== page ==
rumspringa. Running-around time. The late teen years when Amish youth taste some aspects of the outside world before deciding to be baptized into the church.
schnickelfritz. mischievous child
ser gut. very good (or sehr gut)
tastes like more. delicious
Was ist letz? What’s the matter?
Wie bist du heit. How are you; said in greeting
Wo bist du? Where are you?
Elizabeth Lapp made her way slowly and carefully up the steep attic stairs. It was nonsense, this insistence on the part of her children and grandchildren that she change the habits of a lifetime. Seventy-six wasn’t old, even if that young doctor acted as if she were teetering on the brink of the grave.
Pausing, she gripped the railing, grateful for its support as she caught her breath. Ach, maybe she was getting on in years, but that didn’t mean she had nothing to contribute. There was an important legacy to be passed on, and she’d promised herself she wouldn’t delay any longer.
Her three granddaughters would be arriving at the old farmhouse soon. Before they appeared, she needed to take one more look at the treasures collected in the attic.
Cautiously, conserving her strength, she made her way to the top and paused again, feeling a flash of annoyance at how shallow her breathing was. The straight chair she’d used on her last trip to the attic stood where she’d left it. Using her cane as a hook, she drew it toward her and sat.
Sunlight streamed through the window and played across the dozens of objects jammed into the space. Amazing, how quickly the attic of the old farmhouse had filled up. Her quest had begun with one small dower chest belonging to a great-aunt. She’d rescued it from being sent to auction at the annual spring mud sale, and it had lit a spark in her heart.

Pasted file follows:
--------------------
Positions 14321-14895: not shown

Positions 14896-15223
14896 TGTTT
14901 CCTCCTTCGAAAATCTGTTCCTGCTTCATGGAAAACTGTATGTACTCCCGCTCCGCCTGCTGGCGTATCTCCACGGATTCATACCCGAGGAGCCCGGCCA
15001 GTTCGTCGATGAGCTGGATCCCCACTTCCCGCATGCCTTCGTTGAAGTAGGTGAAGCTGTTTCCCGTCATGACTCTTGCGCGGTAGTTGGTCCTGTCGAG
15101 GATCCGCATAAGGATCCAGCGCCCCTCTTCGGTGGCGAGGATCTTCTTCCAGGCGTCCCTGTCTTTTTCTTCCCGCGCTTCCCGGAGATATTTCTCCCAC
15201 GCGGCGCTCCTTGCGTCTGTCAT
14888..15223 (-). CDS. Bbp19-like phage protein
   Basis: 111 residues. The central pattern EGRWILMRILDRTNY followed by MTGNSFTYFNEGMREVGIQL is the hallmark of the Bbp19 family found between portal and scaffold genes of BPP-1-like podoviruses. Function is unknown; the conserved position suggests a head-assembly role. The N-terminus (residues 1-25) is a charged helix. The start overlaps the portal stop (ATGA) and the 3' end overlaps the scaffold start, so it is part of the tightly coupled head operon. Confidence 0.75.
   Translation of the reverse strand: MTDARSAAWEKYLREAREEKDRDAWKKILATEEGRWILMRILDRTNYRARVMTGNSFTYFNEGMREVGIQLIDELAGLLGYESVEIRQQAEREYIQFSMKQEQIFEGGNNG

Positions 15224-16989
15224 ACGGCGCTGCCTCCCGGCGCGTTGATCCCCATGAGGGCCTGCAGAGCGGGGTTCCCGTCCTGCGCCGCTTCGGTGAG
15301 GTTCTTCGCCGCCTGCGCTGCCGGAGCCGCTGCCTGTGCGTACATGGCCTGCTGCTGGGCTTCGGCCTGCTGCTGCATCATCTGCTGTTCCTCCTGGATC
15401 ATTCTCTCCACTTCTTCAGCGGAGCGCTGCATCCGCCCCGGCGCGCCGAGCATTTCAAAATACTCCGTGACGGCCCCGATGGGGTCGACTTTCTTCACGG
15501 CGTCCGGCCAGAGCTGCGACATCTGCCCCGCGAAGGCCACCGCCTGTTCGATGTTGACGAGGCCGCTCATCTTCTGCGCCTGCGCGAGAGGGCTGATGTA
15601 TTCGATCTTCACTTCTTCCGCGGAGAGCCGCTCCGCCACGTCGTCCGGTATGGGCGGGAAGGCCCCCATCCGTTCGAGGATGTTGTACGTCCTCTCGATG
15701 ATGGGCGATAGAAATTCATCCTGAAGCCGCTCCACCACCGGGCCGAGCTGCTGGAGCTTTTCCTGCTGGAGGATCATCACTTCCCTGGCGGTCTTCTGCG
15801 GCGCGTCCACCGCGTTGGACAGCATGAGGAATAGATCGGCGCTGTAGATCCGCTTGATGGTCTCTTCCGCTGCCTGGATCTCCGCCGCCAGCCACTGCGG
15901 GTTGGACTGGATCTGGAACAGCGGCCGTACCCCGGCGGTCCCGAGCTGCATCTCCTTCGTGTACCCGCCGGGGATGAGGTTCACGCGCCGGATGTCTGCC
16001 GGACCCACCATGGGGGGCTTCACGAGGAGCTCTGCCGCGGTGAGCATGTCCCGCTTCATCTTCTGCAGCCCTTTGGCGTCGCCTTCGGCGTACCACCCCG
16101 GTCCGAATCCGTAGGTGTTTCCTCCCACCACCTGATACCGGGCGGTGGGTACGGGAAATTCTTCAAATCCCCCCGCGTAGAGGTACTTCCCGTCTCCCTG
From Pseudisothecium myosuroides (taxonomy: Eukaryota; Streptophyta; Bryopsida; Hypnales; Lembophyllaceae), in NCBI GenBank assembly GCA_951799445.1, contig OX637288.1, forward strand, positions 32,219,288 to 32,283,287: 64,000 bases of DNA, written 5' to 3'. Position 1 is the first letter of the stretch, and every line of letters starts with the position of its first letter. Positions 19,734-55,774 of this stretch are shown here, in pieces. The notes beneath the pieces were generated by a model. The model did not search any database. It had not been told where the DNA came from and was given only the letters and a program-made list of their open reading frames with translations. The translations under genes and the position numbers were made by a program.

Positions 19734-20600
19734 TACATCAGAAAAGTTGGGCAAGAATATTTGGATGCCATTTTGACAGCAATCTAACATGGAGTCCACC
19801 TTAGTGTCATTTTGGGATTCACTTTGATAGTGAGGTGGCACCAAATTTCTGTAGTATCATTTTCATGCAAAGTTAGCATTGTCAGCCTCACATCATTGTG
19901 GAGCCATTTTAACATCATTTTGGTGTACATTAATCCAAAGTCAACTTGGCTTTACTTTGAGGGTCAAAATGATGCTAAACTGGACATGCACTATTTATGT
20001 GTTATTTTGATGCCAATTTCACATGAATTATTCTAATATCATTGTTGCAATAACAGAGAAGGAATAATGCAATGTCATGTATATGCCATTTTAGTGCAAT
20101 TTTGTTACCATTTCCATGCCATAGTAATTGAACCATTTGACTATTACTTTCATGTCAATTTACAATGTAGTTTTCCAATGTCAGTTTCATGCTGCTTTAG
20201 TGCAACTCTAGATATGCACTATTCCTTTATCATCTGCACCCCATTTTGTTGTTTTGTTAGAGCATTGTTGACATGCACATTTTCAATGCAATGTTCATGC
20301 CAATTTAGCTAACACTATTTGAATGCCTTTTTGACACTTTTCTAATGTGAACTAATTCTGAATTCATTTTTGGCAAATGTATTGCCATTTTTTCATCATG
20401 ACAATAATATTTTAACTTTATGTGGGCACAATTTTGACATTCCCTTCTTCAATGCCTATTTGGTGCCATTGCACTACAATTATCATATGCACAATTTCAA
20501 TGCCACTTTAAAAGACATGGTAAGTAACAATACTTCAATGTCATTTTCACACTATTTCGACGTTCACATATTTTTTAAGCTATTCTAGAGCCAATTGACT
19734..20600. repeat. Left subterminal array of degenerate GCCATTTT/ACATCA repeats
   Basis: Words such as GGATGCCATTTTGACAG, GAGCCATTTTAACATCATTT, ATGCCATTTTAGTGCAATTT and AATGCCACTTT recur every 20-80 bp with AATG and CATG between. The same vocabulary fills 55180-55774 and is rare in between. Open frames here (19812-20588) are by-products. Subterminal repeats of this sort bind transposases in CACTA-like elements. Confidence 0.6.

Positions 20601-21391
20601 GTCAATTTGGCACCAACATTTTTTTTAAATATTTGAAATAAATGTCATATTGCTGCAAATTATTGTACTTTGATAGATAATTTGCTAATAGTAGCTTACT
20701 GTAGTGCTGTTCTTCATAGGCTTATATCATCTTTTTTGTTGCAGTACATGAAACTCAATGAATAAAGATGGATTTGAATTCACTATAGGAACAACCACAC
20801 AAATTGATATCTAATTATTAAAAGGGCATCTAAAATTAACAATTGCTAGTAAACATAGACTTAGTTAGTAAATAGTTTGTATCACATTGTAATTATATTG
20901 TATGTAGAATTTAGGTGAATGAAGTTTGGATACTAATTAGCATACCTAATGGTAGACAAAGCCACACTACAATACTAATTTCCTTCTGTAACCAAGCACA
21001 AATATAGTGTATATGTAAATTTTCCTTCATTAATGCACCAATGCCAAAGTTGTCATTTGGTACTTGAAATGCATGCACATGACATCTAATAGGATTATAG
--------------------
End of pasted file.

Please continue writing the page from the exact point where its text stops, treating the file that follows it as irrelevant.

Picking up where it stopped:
She’d known then what had to be done. Family memories, the whole history of one Amish family in America, were bound up in the items she’d collected in her attic. That history couldn’t be allowed to die. Someone must see that it lived on.
Advancing years had caught up with her, and before the farmhouse was sold to a distant cousin, before she moved into her son’s house, the memories must be passed on. That was why her granddaughters were coming today.
Getting to her feet, she made her way across the rough-hewn floorboards, touching a spinning wheel here, a hand-carved rocking horse there. Each of these things must find a new home. It was too much to expect that any one person would take all of them.
She’d hammered out her plan during the long, sleepless nights after the loss of her beloved William. The gifts must be made to the right person. Each object had a story to tell, and each story could influence the person who received it. She breathed a silent prayer, knowing she must rely on God to show her the way.
It all began with the girls. She smiled. None of the three would appreciate being called a girl; each considered herself a woman grown. And so they were, but that didn’t mean they didn’t have something to learn from the past.
Rebecca. Judith. Barbara. She pictured each one in her mind’s eye. Rebecca, so lost since the death of her young husband more than a year ago. Judith. She frowned a little. Something was wrong there, but self-contained, quiet Judith would not talk about it, making it more difficult to know what to do. And Barbara. Barbie always brought a smile to her grossmammi’s lips, with her pert, lively manner and her almost automatic rebellion against the restrictions of Amish life. Those three were the only ones of the right age to take on the task.
Elizabeth stood, resting her hand on a dower chest, and faced the truth. This was, most likely, the final challenge of her life. To find the object that would speak to each one of her granddaughters and, through that, to entrust to their generation the promise of their family story.